Odisha ikat, also known as Sambalpuri Ikat is handwoven ikat wherein the warp and weft are tie-dyed before it is woven into a saree. These sarees are known for their heavily woven pallus and borders in contrasting colours and meaningful designs inspired from the temples of Odisha. These sarees are available in both silk and cotton. It is produced in Bargarh, Sonepur, Sambalpur, Balangir and Boudh district of Odisha.
Bomkai saree is a handloom saree known for its intricate weaves and patterns. This variety first originated in Ganjam district and was later introduced in Sonepur as well. Bomkai saree has an extraordinary fabric that is an outcome of ikat and embroidery interwoven into each other. The borders and pallus of this saree is marked by intricate thread work. The motifs of Bomkai are inspired by nature and tribal art. Bomkai sarees are available both in silk and cotton.
Another saree type from Odisha is Baandha. Baandha sarees are dyed using tie and dye method unique to Odisha. They have a subtle shimmer as they are interwoven with gold or silver threads. They have a unique three dimensional beauty and come with many symbolic and mythological motifs on the pallu.
Women of Odisha have been wearing sarees as their traditional costume. Interestingly, in Odisha, different regions have their distinct draping style. Some of the drapes from Odisha are Kuncha, Kotapad, Santhal, Ghorapindha, Kaccha and its variation.
When it comes to saree, Bengal handloom is the most ancient one in India and sarees from here narrates a rich weaving tradition which highlights the artistic culture of the state. The state has a wide range of sarees to offer from different regions and each of the variety has its own saga. Bengal is known for producing the best quality of cotton sarees. The state is also known for Tussar silk, Muslin and Linen sarees. Let’s take a look at the range of sarees this state has to offer.
Cotton handloom sarees are weaved in Fulia-Shantipur cluster of West Bengal. These sarees are made of finest cotton and are not starched to give a classic flowy appearance. These sarees are woven with contemporary motifs and texture and gives a chic urban look. Some experimentation is also been carried out on these sarees by blending cotton with wool, jute and linen.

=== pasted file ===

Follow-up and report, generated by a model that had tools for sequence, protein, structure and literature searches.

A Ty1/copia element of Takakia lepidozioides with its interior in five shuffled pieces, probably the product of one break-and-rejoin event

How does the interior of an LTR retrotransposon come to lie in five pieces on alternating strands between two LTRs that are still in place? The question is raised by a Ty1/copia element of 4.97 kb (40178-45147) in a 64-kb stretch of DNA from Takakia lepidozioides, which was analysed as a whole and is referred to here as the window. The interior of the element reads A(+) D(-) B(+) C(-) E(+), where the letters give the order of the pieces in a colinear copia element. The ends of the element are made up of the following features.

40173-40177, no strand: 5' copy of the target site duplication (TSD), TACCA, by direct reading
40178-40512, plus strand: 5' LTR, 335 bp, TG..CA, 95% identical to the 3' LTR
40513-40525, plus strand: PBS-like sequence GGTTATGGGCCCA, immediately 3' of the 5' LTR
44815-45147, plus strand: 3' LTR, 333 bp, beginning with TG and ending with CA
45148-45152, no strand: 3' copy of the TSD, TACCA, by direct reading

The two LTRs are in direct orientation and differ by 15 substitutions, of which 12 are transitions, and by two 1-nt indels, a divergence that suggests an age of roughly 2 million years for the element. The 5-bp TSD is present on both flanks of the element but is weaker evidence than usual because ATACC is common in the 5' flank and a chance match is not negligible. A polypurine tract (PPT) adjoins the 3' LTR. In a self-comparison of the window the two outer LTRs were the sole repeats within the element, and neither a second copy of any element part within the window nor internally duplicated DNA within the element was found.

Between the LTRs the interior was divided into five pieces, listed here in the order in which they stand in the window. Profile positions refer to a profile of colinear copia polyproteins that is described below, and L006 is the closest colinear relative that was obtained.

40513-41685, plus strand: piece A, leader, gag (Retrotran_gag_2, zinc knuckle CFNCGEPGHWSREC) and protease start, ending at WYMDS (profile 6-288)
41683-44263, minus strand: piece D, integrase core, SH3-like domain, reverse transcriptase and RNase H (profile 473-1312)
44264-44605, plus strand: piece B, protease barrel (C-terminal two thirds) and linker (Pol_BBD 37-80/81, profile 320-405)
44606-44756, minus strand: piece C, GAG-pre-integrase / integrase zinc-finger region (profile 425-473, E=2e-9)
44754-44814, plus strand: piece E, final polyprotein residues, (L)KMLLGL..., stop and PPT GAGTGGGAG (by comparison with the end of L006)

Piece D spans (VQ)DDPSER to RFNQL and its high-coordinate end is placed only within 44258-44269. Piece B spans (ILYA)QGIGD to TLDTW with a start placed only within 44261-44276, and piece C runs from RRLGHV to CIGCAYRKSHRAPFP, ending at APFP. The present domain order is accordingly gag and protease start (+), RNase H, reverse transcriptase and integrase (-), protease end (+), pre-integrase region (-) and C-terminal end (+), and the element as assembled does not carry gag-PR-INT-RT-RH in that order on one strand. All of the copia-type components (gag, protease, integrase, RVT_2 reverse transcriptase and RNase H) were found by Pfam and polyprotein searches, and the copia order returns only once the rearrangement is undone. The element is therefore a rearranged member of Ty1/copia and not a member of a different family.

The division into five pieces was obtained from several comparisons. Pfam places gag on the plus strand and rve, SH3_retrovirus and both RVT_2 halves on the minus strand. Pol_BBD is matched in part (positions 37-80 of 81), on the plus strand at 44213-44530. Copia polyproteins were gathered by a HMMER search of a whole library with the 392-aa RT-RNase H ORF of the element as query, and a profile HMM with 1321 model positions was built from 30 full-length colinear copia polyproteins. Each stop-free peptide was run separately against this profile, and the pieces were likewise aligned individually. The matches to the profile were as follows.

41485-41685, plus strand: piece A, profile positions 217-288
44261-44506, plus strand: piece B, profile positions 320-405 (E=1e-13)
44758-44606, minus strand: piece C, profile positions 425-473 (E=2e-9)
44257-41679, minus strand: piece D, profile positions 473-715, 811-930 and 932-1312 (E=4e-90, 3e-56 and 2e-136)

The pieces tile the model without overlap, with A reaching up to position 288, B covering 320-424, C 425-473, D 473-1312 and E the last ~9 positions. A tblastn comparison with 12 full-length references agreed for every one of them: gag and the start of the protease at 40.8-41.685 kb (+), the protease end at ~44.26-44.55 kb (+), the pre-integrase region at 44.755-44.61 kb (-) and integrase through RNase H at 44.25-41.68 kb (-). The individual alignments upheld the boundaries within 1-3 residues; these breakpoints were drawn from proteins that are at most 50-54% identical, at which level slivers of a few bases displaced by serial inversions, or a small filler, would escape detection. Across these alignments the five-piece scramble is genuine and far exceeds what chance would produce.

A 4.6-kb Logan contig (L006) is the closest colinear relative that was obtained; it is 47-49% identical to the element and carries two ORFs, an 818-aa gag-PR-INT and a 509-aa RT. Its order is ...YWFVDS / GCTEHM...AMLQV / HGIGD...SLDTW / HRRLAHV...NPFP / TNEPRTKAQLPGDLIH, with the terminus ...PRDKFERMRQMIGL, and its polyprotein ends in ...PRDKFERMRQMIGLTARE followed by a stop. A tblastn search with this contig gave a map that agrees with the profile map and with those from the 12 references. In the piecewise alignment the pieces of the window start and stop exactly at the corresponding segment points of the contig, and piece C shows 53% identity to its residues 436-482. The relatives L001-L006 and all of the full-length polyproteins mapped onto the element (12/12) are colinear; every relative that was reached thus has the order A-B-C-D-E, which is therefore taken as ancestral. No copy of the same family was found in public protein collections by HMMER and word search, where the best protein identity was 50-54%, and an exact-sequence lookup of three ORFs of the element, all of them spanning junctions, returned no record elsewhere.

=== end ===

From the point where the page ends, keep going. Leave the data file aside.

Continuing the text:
Cotton silk sarees are made by blending cotton and silk. Cotton Silk sarees are known to provide the comfort of cotton along with the richness of silk. These sarees are weaved mainly in the Shantipur-Fulia cluster of Bengal.
Khesh cotton sarees are very unique due to its process of weaving. In this process, the warp is with yarn of a particular colour and the weft is with strips of thin cloth which is usually selected in terms of its colour and texture. The weaving process adds an element of surprise as the pattern for the weft is unpredictable and is not known till the weaving is complete. This unique art form comes from Birbhum district of West Bengal.
The handwoven Linen sarees from Fulia in Bengal exhibits simplicity, elegance and beauty. The material used in the weft defines the type of linen. Pure Linen sarees uses linen for both the warp and weft, whereas Silk Linen sarees use silk for the weft and similarly, Cotton Linen sarees use cotton for the weft.
Like most of the states in eastern India, West Bengal also produces Tussar silk sarees. However, the weaving technique here is little different. Weavers combine this silk with other yarns like cotton and wool to come up with a richer knitted fabric. Depending upon the region various motifs like fish, conch, rudraksha, flowers are weaved into the sarees.
Kantha is an embroidery style that originates from Bolpur in the Birbhum district of West Bengal. The word “Kantha” in Bengali means embroidered quilt. This stitch is characterized by the ‘running stitch’ that was used to adorn the quilts with artistic embroidery. Kantha stitch reinforces the fabric and creates lines, fields of colour and motifs. Sarees with kantha embroidery are typically made of pure silk, tussar silk and cotton. Depending upon the intricacy of embroidered patterns, a saree takes a few weeks to several months to prepare. This in turn determines the price of the saree.